The Botswana Telecommunication Corporation Limited (BTCL) does not provide a guide to the eventual privatisation of Air Botswana which leaves the national airline’s transfer of ownership from government to the private market a process yet to be fully revealed.
SUNDAY STANDARD’s TLOTLO LEMMENYANE questions whether the absence of a guide is a contributing factor to the widespread perception that Air Botswana is not following the prescribed privatisation path?
On Tuesday last week at the Ministry of Transport and Communication quarterly press briefing, Minister Kitso Mokaila ventured into explaining the events that unfolded between the a). Floatation of an Expression of Interest (EOI) in February to rescue the ailing national airline and b). the resultant decision made four months later indicated by the CAB 12(A)/2017 Presidential Directive specifying the conversion of Air Botswana into a private company that will partner with government whose majority shareholding was to be held by Wilderness Holding, a regional tourist outfit with founding roots in Botswana.
How the decision was reached
According to Mokaila, the decision to partner with Wilderness was not an instruction from the President but was rather taken by the Ministry following a presentation to the Executive for approval.
He berated the media for misleading the public regarding the decision suggesting that the reports prematurely cut the discussions that were to follow. Mokaila said that the involvement of Wilderness Holdings was still at a recommendation stage and that its selection was based on the model it had proposed.
The model, he said, was consistent with the business plan that was compiled by Air Botswana in partnership with International Air Transport Association (IATA) which provided a guide on the direction the airline should take.
Wilderness Holding was in the race with Comair as the two selected companies from the initial 17 that had shown interest.
Wilderness acts contrary to decision
Mokaila addressed the issues against the backdrop of the decision by Wilderness Holdings to withdraw its EOI at the heat of backlash on its selection.
He believes that Wilderness withdrew its EOI so as to protect its brand amid the media reports. The Permanent Secretary to the Transport Ministry Kabelo Ebineng added that the company’s move could be attributed to the fact that as a public company news that surround it can affect its share price movements.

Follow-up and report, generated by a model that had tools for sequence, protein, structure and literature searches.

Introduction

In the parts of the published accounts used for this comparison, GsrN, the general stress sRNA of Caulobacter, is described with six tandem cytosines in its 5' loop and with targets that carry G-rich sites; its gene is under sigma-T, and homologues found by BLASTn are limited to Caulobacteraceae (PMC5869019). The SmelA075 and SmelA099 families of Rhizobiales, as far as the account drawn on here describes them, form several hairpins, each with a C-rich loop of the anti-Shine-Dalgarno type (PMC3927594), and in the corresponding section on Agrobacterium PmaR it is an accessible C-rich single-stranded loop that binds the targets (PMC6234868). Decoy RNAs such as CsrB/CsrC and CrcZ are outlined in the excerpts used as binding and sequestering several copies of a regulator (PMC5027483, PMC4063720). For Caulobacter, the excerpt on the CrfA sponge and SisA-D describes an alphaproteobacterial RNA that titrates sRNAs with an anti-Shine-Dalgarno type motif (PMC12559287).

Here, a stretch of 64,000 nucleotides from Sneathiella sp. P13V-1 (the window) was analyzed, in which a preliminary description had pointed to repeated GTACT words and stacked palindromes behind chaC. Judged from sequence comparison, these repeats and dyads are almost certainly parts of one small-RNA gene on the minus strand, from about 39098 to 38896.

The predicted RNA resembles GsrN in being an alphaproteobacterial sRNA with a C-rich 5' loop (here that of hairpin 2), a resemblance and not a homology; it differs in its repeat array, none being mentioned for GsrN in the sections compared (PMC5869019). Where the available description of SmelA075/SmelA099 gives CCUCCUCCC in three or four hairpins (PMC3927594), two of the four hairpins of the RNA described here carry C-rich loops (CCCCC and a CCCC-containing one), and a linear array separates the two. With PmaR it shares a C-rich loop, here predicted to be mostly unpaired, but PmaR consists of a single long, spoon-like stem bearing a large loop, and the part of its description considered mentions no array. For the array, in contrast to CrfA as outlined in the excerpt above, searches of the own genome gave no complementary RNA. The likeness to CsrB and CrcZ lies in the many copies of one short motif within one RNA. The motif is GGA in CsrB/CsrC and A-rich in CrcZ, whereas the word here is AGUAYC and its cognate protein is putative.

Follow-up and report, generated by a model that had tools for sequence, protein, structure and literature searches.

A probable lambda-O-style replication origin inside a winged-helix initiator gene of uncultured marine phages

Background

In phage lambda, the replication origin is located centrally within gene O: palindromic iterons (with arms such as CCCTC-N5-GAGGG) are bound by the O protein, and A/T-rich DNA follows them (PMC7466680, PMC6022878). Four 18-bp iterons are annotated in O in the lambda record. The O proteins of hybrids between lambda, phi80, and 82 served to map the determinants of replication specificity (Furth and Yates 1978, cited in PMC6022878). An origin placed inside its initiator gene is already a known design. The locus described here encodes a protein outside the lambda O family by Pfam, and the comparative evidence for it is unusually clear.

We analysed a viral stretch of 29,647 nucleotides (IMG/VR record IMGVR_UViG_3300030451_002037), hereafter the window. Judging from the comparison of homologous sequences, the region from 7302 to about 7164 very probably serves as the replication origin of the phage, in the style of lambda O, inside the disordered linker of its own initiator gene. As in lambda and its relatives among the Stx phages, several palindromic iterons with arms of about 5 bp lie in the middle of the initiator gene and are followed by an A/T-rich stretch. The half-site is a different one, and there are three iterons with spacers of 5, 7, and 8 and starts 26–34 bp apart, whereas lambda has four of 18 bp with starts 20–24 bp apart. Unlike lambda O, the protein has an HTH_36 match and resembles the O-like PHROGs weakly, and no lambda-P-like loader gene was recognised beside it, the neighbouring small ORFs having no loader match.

Conflict of interest by the President?
Mokaila opposed the view that the decision had a conflict of interest relating to the President asserting that contrary to popular belief the President does not have ownership stake in Wilderness Holdings.
The President, he said, owns a 5 percent stake in Linyanti Investments, a subsidiary to Wilderness Holding that currently owns the Linyanti concession. The Linyanti Concession covers 1 250km2 of the northern Kalahari in the Chobe District. This makes it the second biggest size of concession after Khwai and Abu at 1 800km2 respectively from the 10 concessions that Wilderness Holdings currently controls. Mokaila stressed that the President’s interest was at a concessionary level which he said was insignificant to cause conflict of interest.
In addition to its luxury safari camp business Wilderness Holdings also runs a charter business which according to its 2016 annual report has a total of 33 aircraft and leases a further five.
On whether Wilderness Holding possessed the requisite experience to take control of a national airline which plays in a globally cut-throat aviation market Mokaila said that the issue of aviation experience was yet to be discussed. He added that the process had not reached the stage where his Ministry could determine if Wilderness Holding’s model was going to work, saying that had further talks continued such information was going to be established.
Where was PEEPA?
According to Ebineng, the start of the EOI process leading to the decision to partner with Wilderness Holdings did not involve the Public Enterprise Evaluation and Privatisation Agency (PEEPA). PEEPA was established by government to use its authority, resources and technical skills to oversee all aspects of privatisation on behalf of government.
Ebineng said that PEEPA could not be involved at that stage as no decision had taken place. He added that following the decision to partner with Wilderness Holdings, PEEPA was duly informed and asked to take the talks forward. He refuted the view that PEEPA had been left in the lurch.
Mokaila confidently expressed that his Ministry would forge ahead with other options saying that the withdrawal of Wilderness Holdings will not derail the plan. He did not disclose specific details on what the other options are and also did not give a timeline to the process.
Privatisation as a subject is characterised by a long winding track record in Botswana but its realisation is only limited to the epochal listing of BTCL in the Botswana Stock Exchange (BSE). This restricts comparison of the turn of events relating to the pending privatisation of Air Botswana to earlier cases.